A well-trained militia

We’ve been looking forward to Jon’s family coming to visit since they pulled out of our driveway six weeks ago.  As soon they got out of the van, the men-folk headed to the backyard to set up for the weekend activities…

20150914-DSC_7474 20150914-DSC_7475

I wish I’d gotten a picture of the ammo.  There was SO MUCH ammo!

Once they got the preliminary hugs and kisses out of the way, it was time to get down to business:

20150915-DSC_7558(Can we pause for a moment to acknowledge the awesomeness of the very serious weaponry going on here, juxtaposed with the elephant scooter in the background?
*No elephants were ridden during the making of this blog post.)

The kids got lessons from Uncle Chris:



They could all pass the conceal and carry test (11 out of 20 rounds from 21 feet.)


20150915-DSC_7549 20150915-DSC_7568(If we had to come up with a uniform to illustrate our family, this would be it.
Camo and cowboy boots.  Represent.)

20150915-DSC_7573(I call this one “The Right to Bear Arms”)

Even Grandma got in on the action:

20150914-DSC_7480While the little’s watched with Uncle Chris:


More pictures coming soon!  It was such a wonderful weekend!


A note about our family’s take on gun safety:

When I was in my teens, I found my dad’s gun, took it to the backyard, and shot it without his permission.  My brother and husband did the same as kids (my husband never shot his dad’s, he just got it out to “look at it.”)  We were all old enough to handle it safely (and old enough to know better) but the main reason we snuck them out of their hiding places is that we were curious.  There was so much mystery surrounding those guns!  We weren’t allowed to touch them, our parents kept them hidden, we were told 1.4 million times how dangerous they were.  It was exciting!!!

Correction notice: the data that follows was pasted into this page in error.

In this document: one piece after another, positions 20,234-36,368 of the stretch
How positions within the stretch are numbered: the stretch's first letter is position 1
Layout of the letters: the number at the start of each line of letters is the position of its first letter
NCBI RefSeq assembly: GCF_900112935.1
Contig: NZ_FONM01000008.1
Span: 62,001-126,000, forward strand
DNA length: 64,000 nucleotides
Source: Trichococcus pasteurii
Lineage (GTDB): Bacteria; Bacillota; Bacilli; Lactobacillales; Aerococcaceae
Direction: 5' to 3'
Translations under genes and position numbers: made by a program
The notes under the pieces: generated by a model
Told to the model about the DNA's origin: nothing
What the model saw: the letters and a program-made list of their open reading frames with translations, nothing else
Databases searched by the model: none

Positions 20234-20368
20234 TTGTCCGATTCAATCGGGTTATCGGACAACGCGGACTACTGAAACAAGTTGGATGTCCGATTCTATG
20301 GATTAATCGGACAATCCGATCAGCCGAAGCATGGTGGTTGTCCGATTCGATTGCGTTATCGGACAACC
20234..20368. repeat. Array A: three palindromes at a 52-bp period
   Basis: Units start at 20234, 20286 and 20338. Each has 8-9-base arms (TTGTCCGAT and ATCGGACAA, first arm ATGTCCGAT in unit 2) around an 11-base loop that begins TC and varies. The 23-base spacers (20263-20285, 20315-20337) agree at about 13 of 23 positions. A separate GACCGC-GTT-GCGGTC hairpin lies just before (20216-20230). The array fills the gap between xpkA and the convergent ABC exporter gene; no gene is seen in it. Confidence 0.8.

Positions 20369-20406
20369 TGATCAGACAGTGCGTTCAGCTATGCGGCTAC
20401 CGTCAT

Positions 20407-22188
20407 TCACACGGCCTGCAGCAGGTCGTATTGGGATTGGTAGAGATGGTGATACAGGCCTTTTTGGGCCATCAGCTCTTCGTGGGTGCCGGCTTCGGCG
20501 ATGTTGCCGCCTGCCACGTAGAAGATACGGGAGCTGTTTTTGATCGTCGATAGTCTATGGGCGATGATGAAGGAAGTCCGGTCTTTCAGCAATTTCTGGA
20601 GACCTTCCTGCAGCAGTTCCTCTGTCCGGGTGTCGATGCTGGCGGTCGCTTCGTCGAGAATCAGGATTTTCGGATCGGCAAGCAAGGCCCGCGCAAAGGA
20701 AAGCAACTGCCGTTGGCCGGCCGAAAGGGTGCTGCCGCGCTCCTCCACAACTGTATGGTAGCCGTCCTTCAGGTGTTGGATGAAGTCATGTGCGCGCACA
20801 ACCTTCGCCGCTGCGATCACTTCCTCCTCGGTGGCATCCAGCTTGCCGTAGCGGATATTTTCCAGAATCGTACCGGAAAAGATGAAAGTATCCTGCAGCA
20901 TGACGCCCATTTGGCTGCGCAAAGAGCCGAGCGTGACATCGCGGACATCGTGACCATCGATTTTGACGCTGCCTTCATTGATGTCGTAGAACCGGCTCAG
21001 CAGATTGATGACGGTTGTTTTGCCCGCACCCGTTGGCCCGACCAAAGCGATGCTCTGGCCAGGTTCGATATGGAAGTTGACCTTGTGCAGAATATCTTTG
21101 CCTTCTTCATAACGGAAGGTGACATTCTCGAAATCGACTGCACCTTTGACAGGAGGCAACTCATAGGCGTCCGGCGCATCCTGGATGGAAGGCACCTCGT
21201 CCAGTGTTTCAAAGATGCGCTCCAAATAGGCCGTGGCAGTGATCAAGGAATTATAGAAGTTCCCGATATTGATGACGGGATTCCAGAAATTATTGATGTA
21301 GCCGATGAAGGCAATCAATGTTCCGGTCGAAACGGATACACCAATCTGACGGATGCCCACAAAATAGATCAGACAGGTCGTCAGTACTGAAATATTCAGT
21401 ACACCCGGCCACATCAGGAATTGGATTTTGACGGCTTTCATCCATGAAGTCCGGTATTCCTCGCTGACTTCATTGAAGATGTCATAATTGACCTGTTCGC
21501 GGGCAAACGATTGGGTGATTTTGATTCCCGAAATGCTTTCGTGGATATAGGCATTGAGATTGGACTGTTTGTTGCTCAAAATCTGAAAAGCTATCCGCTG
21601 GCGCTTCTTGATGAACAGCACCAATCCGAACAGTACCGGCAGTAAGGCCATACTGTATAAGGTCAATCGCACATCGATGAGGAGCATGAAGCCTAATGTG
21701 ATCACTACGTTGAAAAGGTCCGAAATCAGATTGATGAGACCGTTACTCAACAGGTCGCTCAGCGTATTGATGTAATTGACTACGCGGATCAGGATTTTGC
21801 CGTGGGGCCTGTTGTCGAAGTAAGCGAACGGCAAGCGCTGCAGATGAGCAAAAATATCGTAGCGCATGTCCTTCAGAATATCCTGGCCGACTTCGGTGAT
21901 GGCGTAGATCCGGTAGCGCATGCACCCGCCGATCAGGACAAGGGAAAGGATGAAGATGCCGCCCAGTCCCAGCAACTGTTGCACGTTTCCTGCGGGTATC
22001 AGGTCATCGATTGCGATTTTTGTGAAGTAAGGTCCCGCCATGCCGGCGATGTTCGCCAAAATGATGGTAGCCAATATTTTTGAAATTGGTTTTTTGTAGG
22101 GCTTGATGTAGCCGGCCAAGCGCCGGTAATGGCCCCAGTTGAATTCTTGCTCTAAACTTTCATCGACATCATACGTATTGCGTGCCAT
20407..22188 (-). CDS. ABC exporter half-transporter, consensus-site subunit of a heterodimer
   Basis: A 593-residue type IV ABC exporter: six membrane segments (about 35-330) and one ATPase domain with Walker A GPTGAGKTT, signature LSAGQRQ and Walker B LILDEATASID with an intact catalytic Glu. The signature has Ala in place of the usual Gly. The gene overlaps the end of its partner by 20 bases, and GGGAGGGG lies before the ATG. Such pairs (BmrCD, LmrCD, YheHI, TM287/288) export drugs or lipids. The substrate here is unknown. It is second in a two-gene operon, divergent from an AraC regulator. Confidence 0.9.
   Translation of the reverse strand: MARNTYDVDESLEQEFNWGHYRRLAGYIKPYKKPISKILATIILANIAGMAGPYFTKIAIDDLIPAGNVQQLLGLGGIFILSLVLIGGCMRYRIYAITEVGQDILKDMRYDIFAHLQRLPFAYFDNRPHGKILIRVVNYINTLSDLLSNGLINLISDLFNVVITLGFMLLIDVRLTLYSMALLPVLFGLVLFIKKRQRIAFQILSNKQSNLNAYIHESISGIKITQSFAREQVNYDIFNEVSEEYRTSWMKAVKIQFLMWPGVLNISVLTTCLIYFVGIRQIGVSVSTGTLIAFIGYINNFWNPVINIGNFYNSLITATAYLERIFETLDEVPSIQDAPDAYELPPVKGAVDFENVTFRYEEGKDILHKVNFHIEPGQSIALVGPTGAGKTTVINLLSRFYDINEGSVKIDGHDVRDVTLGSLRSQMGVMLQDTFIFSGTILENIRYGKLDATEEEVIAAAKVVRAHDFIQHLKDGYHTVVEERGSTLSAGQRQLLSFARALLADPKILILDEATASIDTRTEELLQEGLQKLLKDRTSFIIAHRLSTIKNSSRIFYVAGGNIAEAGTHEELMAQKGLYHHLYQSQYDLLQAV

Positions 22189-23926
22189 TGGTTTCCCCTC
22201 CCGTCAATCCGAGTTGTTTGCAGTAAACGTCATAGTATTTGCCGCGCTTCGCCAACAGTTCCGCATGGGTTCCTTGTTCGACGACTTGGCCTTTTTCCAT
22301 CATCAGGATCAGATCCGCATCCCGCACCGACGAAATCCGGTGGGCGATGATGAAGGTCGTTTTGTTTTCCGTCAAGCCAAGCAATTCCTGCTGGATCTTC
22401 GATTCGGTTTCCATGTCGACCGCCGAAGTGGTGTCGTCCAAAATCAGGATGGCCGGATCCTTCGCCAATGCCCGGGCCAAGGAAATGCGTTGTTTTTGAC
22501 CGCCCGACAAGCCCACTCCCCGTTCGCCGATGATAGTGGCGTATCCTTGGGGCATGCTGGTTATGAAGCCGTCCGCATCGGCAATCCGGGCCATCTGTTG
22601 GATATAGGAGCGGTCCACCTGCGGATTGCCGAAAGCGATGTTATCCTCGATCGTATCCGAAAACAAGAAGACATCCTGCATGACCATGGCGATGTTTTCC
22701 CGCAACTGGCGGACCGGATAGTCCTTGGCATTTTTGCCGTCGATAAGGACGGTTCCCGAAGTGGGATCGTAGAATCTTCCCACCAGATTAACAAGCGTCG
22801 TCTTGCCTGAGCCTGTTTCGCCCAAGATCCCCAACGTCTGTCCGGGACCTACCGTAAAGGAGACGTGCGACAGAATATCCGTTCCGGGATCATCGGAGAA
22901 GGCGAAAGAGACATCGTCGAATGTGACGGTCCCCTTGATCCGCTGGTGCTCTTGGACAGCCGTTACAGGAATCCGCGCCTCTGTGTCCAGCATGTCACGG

When Jon and I got married, we decided to take a different approach.  We would treat guns as tools and eliminate any and all mystery surrounding them.  We’d teach our kids to shoot them, how to clean them, how to care for them.  We’d take them hunting with us.  We’d let them see them in action and teach them first-hand what lethal means.

As a result, my oldest son knows more about how Jon’s pistol works than I do.  The boys have their own rifle and the older kids all know how to take it apart, clean it, handle it, and shoot safely.  The guns are inaccessible to the younger children and the ammunition is stored separately.  The kids know that if they ever want to shoot the gun, all they have to do is ask and we’ll make sure that happens, because we never want them to feel they have to sneak around with them.  Guns are not mysterious to our kids, they’re tools to be used under very specific circumstances.  We feel that this will go further to keep them safe than making guns completely off-limits.  We recognize that this is a controversial issue, without one “right” answer.  This is just how our family has decided to handle this issue.

*Oh, and roughly 90% of the guns pictured here are not ours.  But they represent only about 10% of the total number of guns Uncle Chris has in his stash.  Which officially makes Chris Jon’s favorite brother.



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